The fire broke out at about 11am on the Sunday morning in the year 1743, roughly where Lloyds Bank now stands.
At least 16 people lost their lives with more than 2,000 made homeless when the homes and several inns and hotels in the market area were destroyed.
A few weeks before the Great Fire the Strode map of Crediton was made and following the fire, an addition was made to the map to show where the fire started.
Crediton Area History and Museum Society member Keith Mortimer explained that Samuel Strode (a wealthy London merchant who was Lord of the Manor at the time), had commissioned the map to record all the encroachments that had been made out into the High Street.
Crediton Museum has a copy of the map on display in the Museum at the Old Town Hall.
The map extends from Union Road to just west of the Red House at St Lawrence Green and is two metres long.
The map extract and other photos from the archive can be viewed on the Museum Facebook page.
At the time, the Great Fire of Crediton was the second largest fire in the country, second only to the Great Fire of London.
Damage totalled £50,000 with many traders losing valuable stock.
The maltsters of Crediton lost 1,000 bushels of their malt, leaving many of them in financial ruin. They later petitioned for a return on the duty they had already paid on the lost malt.
Their appeal continued for at least 25 years after the event but it has not been able to establish whether or not they were finally granted the tax refund!
A poem: “The Conflagration” published in the same year and written to “a friend” of the author describes the fire in some detail and other accounts describe the devastation: “There is not a house standing in all the town from ‘The Sign of the Lamb’ to the uttermost end of the Green, which is half-a-mile, together with all the backlets, lanes, byways, linhays, gardens and apple-trees, the apples roasting as they hung.” (The Universal Spectator).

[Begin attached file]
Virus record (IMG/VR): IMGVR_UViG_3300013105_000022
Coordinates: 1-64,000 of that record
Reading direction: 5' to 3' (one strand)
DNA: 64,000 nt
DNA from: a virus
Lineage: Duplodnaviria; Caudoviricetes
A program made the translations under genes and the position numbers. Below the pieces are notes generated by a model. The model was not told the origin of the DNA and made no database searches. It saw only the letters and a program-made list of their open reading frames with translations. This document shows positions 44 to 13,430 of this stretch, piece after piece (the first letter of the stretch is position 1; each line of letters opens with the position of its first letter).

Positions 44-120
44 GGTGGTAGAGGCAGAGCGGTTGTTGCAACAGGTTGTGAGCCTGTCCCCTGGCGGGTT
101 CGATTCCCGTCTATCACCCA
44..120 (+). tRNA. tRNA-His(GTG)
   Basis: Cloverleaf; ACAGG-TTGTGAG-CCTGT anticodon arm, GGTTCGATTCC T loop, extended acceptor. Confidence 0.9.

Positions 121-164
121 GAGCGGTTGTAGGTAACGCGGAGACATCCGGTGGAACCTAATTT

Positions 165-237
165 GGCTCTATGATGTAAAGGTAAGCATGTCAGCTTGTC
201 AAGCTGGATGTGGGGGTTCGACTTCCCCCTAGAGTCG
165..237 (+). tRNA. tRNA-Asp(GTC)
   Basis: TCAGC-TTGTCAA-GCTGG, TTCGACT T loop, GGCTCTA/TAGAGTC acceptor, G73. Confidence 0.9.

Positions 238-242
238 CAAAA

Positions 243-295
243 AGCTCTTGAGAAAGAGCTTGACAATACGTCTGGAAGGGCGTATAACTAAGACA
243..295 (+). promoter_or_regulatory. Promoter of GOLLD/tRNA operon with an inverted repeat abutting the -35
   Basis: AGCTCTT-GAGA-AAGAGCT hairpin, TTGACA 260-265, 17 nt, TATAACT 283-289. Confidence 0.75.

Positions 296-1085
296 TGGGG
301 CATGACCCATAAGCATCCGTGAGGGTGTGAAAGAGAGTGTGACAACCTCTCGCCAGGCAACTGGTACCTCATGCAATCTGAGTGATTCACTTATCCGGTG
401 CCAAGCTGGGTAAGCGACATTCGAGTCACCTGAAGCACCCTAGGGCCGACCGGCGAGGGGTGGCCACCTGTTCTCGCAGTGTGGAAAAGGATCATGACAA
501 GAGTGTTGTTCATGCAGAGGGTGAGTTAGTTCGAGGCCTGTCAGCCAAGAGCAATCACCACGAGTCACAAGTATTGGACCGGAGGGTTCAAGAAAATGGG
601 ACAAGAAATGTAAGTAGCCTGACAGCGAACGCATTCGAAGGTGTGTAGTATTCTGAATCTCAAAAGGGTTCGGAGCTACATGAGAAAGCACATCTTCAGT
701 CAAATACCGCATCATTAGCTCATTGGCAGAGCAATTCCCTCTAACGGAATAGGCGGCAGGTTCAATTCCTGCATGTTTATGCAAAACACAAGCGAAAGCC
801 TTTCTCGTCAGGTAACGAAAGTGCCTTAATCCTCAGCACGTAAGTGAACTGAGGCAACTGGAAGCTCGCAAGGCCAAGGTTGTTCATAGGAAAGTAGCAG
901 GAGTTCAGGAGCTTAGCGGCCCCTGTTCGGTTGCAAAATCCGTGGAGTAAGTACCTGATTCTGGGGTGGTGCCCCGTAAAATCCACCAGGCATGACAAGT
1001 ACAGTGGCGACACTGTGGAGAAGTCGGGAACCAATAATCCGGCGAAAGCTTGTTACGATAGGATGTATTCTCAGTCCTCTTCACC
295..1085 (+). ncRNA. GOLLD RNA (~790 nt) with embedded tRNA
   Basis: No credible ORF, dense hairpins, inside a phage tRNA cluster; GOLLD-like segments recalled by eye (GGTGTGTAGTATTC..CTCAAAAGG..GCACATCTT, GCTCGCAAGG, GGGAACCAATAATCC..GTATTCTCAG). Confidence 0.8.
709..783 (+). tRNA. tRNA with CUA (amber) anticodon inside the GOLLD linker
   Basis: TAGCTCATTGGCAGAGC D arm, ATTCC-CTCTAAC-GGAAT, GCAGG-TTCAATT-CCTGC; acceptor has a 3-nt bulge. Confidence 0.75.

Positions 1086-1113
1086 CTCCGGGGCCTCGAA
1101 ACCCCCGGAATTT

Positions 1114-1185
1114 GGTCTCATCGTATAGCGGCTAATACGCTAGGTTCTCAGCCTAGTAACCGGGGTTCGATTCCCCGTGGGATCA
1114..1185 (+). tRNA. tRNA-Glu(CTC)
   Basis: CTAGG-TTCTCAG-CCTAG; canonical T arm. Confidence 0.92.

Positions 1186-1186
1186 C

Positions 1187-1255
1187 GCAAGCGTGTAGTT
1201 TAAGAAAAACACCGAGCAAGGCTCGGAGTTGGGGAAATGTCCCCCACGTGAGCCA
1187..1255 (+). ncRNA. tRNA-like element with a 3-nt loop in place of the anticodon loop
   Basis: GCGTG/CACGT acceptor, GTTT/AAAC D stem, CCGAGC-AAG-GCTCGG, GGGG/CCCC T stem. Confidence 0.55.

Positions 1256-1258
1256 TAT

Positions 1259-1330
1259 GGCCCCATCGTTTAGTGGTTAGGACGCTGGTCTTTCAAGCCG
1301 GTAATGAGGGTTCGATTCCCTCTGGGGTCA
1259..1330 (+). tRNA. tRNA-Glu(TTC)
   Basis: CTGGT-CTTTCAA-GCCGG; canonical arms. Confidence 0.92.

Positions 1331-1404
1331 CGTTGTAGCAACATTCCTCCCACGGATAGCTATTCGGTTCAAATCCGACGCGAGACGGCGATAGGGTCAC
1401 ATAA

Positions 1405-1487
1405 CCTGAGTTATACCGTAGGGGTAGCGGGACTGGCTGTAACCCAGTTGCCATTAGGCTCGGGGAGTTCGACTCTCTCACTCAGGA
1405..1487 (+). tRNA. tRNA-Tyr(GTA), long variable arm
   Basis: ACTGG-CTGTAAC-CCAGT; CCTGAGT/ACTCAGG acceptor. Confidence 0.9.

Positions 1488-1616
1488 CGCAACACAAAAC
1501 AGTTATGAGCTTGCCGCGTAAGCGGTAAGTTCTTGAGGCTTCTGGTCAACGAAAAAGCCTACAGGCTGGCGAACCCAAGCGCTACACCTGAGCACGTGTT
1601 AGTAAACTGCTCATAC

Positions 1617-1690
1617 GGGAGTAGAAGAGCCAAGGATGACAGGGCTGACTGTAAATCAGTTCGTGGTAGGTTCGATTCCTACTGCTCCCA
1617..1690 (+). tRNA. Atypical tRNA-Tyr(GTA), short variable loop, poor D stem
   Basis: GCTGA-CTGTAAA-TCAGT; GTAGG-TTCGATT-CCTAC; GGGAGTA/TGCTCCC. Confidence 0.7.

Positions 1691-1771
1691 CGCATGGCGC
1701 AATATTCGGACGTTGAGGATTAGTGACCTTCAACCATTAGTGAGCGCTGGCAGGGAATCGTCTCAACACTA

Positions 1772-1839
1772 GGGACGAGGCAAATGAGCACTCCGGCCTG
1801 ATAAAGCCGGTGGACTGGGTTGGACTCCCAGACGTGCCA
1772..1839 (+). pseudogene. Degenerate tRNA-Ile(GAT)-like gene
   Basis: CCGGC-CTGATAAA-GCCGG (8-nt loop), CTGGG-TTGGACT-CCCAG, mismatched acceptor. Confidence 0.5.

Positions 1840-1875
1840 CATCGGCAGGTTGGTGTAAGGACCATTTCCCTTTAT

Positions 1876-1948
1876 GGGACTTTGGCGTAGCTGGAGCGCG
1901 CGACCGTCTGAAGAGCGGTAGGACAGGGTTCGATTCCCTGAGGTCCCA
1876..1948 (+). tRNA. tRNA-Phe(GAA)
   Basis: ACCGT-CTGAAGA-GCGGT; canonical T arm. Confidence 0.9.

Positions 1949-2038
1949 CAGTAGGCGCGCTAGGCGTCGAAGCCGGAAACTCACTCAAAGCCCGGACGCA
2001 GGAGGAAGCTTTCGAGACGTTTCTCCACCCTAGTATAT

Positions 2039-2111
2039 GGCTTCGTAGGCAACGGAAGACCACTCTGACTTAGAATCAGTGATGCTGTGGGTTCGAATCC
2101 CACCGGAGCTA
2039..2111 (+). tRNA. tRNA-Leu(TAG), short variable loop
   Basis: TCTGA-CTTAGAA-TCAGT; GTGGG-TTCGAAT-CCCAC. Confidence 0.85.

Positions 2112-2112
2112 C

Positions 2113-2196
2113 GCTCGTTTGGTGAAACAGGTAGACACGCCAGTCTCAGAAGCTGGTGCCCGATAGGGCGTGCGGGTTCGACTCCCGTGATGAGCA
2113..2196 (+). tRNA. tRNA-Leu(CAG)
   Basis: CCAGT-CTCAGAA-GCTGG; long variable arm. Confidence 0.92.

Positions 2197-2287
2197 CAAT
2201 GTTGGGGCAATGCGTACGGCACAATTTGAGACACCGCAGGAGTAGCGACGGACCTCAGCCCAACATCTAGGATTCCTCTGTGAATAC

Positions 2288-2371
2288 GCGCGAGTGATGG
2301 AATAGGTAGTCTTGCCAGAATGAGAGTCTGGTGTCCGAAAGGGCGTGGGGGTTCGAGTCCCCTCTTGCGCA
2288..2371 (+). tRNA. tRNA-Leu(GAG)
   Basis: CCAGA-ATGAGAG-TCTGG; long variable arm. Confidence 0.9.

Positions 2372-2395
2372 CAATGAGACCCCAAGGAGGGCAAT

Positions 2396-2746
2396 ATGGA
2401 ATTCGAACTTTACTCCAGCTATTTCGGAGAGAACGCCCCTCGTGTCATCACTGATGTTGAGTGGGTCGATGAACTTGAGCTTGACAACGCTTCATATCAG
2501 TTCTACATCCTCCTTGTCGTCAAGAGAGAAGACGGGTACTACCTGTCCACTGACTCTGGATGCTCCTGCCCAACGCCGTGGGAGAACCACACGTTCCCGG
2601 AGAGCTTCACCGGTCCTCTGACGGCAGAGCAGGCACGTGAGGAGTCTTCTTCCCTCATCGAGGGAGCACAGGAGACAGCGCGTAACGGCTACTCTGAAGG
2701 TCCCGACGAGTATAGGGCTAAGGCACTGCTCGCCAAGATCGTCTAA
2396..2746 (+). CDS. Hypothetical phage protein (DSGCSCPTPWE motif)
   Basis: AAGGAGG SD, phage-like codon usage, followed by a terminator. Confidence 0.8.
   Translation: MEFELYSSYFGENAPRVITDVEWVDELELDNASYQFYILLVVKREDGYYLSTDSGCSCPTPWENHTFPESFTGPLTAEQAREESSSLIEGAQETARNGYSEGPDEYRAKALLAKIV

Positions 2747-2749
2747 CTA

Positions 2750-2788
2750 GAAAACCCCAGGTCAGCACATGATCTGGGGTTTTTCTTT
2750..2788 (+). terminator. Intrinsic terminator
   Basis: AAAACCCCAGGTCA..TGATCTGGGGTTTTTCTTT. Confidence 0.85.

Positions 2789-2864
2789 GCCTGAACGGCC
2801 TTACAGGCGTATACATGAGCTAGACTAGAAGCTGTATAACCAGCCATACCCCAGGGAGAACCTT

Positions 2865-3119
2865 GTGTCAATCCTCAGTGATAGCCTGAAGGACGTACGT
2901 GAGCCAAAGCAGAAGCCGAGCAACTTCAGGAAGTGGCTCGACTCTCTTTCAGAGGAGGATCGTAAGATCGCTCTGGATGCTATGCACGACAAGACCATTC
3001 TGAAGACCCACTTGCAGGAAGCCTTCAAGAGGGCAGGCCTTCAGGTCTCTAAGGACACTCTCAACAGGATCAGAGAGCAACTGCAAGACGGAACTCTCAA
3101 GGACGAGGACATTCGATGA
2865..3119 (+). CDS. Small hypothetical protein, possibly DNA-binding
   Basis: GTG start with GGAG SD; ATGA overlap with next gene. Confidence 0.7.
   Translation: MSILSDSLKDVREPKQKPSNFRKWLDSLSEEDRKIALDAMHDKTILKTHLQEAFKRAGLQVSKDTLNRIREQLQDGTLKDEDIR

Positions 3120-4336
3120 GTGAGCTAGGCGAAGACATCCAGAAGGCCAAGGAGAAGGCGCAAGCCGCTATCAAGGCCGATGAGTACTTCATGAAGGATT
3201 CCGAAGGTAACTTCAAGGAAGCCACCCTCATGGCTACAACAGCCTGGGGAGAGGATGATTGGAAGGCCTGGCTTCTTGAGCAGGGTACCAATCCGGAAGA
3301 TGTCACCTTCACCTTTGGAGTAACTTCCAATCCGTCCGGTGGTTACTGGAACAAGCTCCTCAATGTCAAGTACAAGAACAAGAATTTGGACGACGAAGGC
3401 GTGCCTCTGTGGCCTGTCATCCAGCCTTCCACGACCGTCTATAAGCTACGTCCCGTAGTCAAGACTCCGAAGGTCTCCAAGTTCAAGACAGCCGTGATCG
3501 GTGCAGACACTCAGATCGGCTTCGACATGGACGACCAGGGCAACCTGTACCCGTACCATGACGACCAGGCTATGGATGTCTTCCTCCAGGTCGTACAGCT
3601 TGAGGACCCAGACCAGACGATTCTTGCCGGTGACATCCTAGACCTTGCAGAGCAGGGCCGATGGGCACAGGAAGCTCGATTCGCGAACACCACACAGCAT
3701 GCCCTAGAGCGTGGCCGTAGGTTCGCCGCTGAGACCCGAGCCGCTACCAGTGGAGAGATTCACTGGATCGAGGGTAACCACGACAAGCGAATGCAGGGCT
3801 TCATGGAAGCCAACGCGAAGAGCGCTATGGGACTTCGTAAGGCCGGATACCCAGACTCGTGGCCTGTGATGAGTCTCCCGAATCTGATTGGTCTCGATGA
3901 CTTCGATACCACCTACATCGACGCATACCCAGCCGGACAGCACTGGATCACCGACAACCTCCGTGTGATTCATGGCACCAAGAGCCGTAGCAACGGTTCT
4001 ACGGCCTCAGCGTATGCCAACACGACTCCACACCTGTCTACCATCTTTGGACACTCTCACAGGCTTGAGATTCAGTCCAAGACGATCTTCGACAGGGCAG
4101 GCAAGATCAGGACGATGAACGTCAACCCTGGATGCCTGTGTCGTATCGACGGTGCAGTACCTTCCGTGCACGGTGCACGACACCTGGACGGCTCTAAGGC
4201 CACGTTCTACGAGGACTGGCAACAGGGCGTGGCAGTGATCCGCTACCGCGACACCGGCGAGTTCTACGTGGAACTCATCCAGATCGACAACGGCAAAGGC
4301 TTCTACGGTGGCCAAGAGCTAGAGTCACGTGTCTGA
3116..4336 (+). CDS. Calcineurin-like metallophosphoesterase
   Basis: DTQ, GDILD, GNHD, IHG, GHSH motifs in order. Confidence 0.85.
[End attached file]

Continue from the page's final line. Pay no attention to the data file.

In his sermon the following Sunday (August 21, 1743) Micaiah Towgood, the pastor at Crediton since 1737, declared that the fire was no chance occurrence: “it happened by the will of God”.
He published a book of his sermons which includes a short account of the fire and in one sermon referred to the “drunkenness and general disorder at the St Lawrence Fair” a few days before the fire as the reason for Divine retribution.
John Wesley, visiting Crediton a few months after the fire, noted in his diary: “Before eight (am) we reached Crediton (or Kirton), or rather the ruins of it; for the houses on both sides were all in ashes for several hundred yards.
“Lighting on a serious woman, I asked: ‘Are the people of this place now warned to seek God?’
“She answered: ‘Although some of them perished in the flames, the rest are just as they were before, cursing, swearing, drinking, playing and making merry, without God in their thoughts.’
“She added: ‘No longer ago than Thursday last the men who were rebuilding one of the houses were bitterly cursing and swearing one at another, and two of them above the rest, when an arch they were under fell, and crushed these two, with all their bones in pieces’.”
A second fire consumed many of the houses rebuilt after the former fire, together with the market-house and shambles. Other large fires occurred in 1766, 1769 and 1772.
Crediton Area History and Museum Society (CAHMS) holds an exhibition in its High Street museum each summer.
The current Museum exhibition is about the Great Fire of Crediton in 1743.
Exhibition opening hours are Wednesday to Friday, 10am to 4pm and Saturday, 11am to 2pm.
A book has also been produced and copies are available from the Museum or email: [email protected] .